On June 1, 1999, Hancock Rural Telephone Corp began doing business as Hancock Telecom to better reflect the full line of telecommunication services it offered.

As of September 30, 2006, Hancock Telecom served over 8,200 access lines in Hancock, Henry, Madison, Marion and Hamilton Counties with exchanges at Maxwell, Markleville, and McCordsville. Additionally, Hancock Communications, Inc. (described below) served over 1,800 access lines in the communities it serves.

In 1983 Hancock Rural Telephone Corporation formed a partnership with Hancock County Rural Electric Membership Corporation to establish Central Indiana Communications, Inc., a company whose purpose it was to provide cable television service to unserved areas of Hancock County. The cable TV business was eventually sold to what is now Insight Communications and Hancock Rural Telephone Corporation acquired Hancock County REMC’s 50% interest in Central Indiana Communications, Inc. Now a wholly owned subsidiary, Central Indiana Communications, Inc. purchased a DBS area franchise in 1992 and began offering satellite television services to a large portion of east central Indiana. The DBS franchise was eventually sold to Pegasus in 1999.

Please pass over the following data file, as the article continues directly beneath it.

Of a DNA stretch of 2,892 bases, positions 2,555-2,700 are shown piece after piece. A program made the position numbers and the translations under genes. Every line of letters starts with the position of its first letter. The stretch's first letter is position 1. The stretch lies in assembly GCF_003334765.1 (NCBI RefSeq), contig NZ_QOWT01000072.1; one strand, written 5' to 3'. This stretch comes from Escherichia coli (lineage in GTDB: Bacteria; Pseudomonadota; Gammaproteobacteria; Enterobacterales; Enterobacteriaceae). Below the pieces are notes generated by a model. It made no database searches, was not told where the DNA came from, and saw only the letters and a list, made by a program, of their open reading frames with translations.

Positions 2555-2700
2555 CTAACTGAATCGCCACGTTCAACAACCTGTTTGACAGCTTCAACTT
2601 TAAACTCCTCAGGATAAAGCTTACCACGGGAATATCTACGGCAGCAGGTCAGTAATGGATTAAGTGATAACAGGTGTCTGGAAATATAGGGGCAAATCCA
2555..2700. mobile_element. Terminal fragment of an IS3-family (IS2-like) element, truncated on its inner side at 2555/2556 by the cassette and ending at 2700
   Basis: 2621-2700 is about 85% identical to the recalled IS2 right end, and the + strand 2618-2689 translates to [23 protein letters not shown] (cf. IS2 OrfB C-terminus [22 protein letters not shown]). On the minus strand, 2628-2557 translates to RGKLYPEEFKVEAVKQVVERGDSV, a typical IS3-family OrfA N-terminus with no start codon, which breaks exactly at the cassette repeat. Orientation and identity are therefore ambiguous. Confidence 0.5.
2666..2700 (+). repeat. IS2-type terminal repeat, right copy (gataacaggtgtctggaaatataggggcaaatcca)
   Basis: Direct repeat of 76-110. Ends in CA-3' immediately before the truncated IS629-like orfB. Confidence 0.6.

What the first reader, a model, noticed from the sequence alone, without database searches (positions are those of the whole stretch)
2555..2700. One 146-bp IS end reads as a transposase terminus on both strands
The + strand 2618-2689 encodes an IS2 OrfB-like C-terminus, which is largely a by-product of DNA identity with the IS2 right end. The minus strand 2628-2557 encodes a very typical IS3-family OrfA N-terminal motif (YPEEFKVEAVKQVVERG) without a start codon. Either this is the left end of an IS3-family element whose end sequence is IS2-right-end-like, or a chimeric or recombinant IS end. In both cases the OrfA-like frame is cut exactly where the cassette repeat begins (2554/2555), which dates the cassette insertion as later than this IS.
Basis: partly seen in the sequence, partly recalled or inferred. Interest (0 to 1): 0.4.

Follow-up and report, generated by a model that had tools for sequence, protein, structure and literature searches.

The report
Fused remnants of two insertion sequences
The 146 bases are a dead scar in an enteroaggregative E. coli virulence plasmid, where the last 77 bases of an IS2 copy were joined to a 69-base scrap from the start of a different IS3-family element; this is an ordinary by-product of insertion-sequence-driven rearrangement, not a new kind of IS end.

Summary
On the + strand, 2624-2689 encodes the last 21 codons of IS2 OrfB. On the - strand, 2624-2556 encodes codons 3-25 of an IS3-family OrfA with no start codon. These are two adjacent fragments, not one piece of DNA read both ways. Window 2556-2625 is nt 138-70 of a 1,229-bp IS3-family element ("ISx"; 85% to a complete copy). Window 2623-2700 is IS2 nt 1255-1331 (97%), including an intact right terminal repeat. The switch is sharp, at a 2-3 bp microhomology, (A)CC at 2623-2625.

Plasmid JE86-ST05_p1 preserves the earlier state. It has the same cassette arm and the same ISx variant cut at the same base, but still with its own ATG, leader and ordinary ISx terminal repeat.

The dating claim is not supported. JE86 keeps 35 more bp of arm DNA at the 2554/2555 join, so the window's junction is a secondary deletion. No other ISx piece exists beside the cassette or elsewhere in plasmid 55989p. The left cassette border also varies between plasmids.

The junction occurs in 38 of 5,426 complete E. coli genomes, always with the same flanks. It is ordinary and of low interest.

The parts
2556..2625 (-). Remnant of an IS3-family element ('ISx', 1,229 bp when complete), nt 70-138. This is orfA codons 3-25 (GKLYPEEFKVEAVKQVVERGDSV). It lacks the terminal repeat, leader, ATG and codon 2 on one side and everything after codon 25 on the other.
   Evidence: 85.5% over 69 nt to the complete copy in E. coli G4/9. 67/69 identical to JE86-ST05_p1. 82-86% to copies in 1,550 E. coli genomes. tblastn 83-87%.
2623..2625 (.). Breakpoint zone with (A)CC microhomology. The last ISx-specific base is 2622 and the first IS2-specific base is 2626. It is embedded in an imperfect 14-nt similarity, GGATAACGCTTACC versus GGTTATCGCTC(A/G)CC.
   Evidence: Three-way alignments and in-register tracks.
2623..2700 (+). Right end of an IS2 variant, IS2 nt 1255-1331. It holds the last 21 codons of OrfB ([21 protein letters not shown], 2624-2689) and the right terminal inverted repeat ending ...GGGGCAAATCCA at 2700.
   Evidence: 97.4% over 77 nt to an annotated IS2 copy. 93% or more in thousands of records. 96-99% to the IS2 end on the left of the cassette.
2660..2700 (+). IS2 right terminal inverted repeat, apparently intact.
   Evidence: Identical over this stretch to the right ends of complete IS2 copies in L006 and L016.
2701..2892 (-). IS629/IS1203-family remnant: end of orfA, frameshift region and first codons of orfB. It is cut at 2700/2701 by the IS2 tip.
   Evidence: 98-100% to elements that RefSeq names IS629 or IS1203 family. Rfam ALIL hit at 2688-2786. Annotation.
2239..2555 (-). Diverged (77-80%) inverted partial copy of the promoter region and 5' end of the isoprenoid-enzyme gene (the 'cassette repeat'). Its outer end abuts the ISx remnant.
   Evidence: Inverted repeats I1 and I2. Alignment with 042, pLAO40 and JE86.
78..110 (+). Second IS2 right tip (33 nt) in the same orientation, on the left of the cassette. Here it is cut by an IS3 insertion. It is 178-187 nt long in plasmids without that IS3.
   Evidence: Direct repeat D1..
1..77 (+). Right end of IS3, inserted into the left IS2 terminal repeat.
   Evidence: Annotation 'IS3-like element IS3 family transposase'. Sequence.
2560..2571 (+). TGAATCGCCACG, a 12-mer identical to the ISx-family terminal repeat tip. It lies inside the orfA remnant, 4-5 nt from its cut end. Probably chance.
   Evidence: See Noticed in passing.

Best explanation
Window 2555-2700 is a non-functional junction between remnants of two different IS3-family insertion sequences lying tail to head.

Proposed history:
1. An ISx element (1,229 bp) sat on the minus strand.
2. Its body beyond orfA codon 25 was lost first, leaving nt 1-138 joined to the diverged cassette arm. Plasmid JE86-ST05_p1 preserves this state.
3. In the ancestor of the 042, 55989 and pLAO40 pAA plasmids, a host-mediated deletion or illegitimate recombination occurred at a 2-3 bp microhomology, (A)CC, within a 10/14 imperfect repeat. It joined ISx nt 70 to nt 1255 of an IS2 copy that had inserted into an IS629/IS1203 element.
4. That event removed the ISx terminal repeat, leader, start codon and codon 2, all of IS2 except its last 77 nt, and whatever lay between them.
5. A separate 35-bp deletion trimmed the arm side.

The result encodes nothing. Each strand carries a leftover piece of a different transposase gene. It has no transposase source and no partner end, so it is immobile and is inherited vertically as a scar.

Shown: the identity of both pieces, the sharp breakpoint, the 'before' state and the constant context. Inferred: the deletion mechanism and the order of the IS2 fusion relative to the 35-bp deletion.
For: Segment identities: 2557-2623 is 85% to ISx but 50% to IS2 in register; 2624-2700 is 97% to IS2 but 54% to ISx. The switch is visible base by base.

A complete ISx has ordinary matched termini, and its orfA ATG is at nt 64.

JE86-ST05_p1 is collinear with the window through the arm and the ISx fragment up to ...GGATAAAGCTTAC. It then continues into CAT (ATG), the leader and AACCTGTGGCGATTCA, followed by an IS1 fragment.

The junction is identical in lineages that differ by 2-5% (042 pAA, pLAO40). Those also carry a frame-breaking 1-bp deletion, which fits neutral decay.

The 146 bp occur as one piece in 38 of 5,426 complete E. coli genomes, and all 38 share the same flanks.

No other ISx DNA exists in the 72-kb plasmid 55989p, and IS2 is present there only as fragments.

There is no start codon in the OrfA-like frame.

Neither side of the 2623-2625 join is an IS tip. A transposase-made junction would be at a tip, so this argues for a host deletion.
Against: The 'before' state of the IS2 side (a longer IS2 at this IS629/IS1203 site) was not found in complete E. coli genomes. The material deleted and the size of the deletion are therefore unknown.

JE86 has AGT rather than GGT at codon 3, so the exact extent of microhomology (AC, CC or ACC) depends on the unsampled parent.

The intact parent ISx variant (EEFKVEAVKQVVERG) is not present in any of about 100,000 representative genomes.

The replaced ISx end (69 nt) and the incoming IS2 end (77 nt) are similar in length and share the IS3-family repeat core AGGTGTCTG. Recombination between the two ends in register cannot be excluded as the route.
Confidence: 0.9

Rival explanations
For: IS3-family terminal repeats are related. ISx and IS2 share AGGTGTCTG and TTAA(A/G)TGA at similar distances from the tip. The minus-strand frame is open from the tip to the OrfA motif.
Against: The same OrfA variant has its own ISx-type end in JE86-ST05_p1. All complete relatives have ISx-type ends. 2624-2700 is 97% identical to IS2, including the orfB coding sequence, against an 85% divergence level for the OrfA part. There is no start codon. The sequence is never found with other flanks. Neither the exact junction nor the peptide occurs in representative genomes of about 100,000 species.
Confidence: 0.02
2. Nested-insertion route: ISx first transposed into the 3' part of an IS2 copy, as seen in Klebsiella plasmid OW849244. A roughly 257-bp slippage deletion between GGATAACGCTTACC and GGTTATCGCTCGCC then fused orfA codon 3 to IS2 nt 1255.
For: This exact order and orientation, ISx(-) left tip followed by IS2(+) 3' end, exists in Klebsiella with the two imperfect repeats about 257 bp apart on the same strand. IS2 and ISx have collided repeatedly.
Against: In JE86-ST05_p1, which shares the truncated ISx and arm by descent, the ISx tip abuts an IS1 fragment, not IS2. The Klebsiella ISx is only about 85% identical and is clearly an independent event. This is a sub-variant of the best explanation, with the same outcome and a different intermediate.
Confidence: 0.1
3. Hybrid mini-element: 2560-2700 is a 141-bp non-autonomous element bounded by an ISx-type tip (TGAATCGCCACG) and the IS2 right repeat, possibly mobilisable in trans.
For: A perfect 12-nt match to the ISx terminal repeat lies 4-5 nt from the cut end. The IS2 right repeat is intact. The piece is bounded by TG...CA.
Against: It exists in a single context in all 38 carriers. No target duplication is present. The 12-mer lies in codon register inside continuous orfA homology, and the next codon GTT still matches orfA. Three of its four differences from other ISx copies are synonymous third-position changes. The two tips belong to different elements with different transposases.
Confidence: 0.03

Central Indiana Communications, Inc. (“CICI”) is the holding company for all of NineStar’s unregulated lines of communications business which includes Internet services (including DSL and Ethernet), digital IP video, cellular partnerships, long distance, phone and security systems, real estate, leasing and voicemail. CICI also owns NineStar Communications, a company established to offer competitive local communications services, including telephone, long distance and broadband. NineStar Communications was the first competitive local exchange carrier licensed by the Indiana Utility Regulatory Commission in 1995 and currently offers local service in Greenfield,  New Castle, Rushville, Pendleton, Shirley, Wilkinson, Fortville, Knightstown, Morristown and the Mt. Comfort area. It has extensive fiber optic facilities and offers direct fiber connections to many of its customers in these towns. CICI also has invested in joint ventures with other independent telco’s in Indiana to increase the number of services available to NineStar’s customers as well as increase efficiencies through economies of scale. These ventures include:

Indiana Fiber Network: Hancock Telecom helped establish a state-wide fiber optic network that is owned by independent telephone companies. Currently, 20 companies own the most comprehensive DWDM network throughout the state, which consists of over 1,000 miles of fiber optic cable that accesses all of Indiana’s major population areas. CICI currently owns a 10% interest in IFN.